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CHOGM kicks off in Rwanda amid rights concerns

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As Rwanda prepares to welcome leaders of the 54 nations that make up the Commonwealth for the 2022 edition of the Commonwealth Heads of Government Meeting (CHOGM), which kicks off on Friday in Kigali, there are fears that the meeting will be mired in controversy following concerns over rights abuses in the East African country.

The summit which has been postponed twice since 2020 due to the coronavirus pandemic, is also being overshadowed by the disputes over Britain’s plans to send asylum seekers to the African nation for processing.

Civil society groups in Rwanda have also complained of a lack of media and political freedom under President Paul Kagame with a Rwandan journalist, Eleneus Akanga, who fled the country in 2007 after the government closed his newspaper, saying government agents arbitrarily arrest and torture journalists.

“My crime was reporting the truth. I had written a story, or I sought to write a story about journalists that were being beaten by unknown people.

“And it turned out that these journalists thought that the government was beating them up using state agents. I found out later that they were going to charge me with espionage.”

Akanga then fled to Britain and was granted political asylum in 2007.

Kagame has also been accused of clamping down on the opposition but his government has denied human rights abuses.

But shadows still linger especially with the controversial UK asylum deal which the two countries entered into in April which would see Britain send back asylum seekers arriving on its shores for processing in Rwanda.

The first flight was due to depart last Tuesday but was blocked minutes before take-off by the European Court of Human Rights.

Critics of the policy which would see Rwanda pocket £120 million from the deal, have said the policy breaches refugee law but British Prime Minister Boris Johnson had argued that the policy is legal and will deter illegal migrants from crossing the English Channel.

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Malian migrants, including children, die as makeshift Europe-bound boat capsizes in Libya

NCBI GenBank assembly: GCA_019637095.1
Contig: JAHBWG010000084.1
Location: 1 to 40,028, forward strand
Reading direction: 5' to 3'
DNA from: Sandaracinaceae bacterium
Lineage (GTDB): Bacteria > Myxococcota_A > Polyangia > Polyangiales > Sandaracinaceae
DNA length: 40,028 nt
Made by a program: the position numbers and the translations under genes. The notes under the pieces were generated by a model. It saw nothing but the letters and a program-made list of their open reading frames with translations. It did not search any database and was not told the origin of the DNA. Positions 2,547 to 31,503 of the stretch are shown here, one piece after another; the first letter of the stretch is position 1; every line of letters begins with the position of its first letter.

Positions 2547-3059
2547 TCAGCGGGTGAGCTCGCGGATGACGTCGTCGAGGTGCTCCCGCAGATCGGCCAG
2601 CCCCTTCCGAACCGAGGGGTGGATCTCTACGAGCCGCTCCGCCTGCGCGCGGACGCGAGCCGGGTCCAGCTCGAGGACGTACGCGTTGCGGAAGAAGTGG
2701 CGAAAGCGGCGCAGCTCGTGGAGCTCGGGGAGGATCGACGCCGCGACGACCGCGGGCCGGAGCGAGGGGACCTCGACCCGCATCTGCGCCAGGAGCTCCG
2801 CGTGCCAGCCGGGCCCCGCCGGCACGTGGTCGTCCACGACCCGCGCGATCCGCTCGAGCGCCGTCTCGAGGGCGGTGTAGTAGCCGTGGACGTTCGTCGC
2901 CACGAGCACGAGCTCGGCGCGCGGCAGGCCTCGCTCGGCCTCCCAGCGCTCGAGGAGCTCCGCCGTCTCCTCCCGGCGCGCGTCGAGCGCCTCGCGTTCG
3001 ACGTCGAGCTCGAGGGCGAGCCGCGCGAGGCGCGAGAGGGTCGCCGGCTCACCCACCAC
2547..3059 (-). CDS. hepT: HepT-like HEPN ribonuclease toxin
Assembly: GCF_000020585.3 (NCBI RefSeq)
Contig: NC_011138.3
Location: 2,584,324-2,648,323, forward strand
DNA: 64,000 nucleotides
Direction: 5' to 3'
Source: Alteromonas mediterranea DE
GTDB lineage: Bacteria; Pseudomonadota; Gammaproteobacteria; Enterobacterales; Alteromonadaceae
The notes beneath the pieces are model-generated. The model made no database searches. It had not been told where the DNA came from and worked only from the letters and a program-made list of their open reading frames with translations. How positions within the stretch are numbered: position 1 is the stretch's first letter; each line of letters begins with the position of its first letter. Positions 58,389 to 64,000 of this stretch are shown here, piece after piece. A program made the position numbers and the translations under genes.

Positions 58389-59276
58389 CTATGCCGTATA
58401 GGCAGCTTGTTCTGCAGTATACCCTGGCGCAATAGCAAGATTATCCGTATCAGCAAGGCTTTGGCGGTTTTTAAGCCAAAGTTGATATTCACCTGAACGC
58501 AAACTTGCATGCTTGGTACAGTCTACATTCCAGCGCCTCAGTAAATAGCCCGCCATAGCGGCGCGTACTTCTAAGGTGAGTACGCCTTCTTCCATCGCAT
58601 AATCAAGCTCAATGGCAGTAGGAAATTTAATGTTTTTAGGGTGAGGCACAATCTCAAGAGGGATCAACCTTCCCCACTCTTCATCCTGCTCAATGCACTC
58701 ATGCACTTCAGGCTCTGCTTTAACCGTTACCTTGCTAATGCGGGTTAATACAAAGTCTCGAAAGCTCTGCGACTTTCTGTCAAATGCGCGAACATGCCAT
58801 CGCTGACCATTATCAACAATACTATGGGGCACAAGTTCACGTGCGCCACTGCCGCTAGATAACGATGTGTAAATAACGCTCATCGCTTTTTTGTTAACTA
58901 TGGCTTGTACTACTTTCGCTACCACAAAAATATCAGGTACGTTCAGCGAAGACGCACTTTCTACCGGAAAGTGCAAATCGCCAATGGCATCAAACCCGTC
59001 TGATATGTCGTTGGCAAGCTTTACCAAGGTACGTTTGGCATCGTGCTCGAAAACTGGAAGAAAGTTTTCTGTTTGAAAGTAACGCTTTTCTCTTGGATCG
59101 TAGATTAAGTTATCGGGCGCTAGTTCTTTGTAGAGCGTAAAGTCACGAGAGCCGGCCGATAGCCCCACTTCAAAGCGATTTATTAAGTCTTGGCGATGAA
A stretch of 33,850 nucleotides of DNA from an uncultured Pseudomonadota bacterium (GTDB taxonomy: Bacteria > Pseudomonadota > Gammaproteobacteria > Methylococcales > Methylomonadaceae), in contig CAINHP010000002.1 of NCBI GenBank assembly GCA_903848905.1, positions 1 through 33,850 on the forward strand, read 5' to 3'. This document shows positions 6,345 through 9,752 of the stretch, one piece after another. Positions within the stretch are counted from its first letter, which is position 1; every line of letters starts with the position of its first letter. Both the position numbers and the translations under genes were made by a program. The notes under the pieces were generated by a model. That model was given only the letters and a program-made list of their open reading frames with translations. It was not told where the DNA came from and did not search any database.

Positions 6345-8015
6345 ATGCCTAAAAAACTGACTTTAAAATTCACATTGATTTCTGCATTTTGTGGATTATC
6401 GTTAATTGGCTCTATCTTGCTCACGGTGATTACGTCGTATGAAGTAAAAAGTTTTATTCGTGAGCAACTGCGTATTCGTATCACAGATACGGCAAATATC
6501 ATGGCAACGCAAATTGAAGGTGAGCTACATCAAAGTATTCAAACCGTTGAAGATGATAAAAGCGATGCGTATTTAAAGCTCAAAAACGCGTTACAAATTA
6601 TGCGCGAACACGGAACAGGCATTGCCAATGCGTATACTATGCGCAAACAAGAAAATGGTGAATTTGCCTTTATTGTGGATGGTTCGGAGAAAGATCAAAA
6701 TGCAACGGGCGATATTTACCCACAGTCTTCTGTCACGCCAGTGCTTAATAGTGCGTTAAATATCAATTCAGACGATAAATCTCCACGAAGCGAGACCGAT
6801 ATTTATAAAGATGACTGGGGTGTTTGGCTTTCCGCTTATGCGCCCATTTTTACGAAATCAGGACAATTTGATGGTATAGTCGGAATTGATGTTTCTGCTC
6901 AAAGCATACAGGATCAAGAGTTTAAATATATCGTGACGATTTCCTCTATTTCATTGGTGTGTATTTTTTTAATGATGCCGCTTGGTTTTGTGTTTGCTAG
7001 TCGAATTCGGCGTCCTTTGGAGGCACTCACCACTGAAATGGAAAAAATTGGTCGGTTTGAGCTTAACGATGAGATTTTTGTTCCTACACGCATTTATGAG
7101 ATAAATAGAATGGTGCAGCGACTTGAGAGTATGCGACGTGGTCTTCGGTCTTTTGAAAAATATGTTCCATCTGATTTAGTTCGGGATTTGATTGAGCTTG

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Twenty-two Malian migrants including three children, have been killed when their makeshift Europe-bound boat capsized in the Mediterranean Sea off the coast of Libya, the United Nations as well as the Malian government have confirmed on Wednesday.

The UN’s International Organization for Migration (IOM), also confirmed that 61 other migrants were rescued and taken to a detention centre in Libya.

The Ministry of Malians Abroad, in a statement, said the people who died were part of a group of 83 mostly Malian nationals who were stuck on a distressed vessel since June 22.

The IOM, in statement by its spokeswoman Safa Msehli, said the rescued victims were brought back to shore with the help of the Libyan coastguard after nine days at sea, adding that the “cause of death for the 22 people was drowning and dehydration.”

Msehli also said some of the survivors were in very poor health and had to be taken to hospital by the IOM.

“The remaining migrants were taken to al-Maya detention centre” in Libya, she said.

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Monkeypox: WHO records over 6,000 cases in 58 countries in recent outbreak

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According to the World Health Organization, more than 6,000 cases of monkeypox have now been reported from 58 countries in the current outbreak.

The United Nations agency is yet to decide declaring the outbreak a global health emergency, the WHO’s highest level of alert.

Its committee reconvene a meeting in July 18 to decide or sooner.

Director-General Tedros Adhanom Ghebreyesus told a virtual news conference from Geneva.

Monkeypox, a disease that was once largely restricted to Africa, has also penetrated Europe and North America in its recent spread with more than 100 cases recorded outside Africa.

The UN committee meeting in June 27 decided that the disease was not yet a health emergency. There have recently been reported cases in other African countries like Nigeria and Morocco.

“I continue to be concerned by the scale and spread of the virus across the world,” Tedros said, adding that a lack of testing meant that there were likely many more cases going unreported.

Until recently, monkeypox had been a disease that was once largely restricted to Africa, but has gradually penetrating Europe and North America in its recent outbreak.

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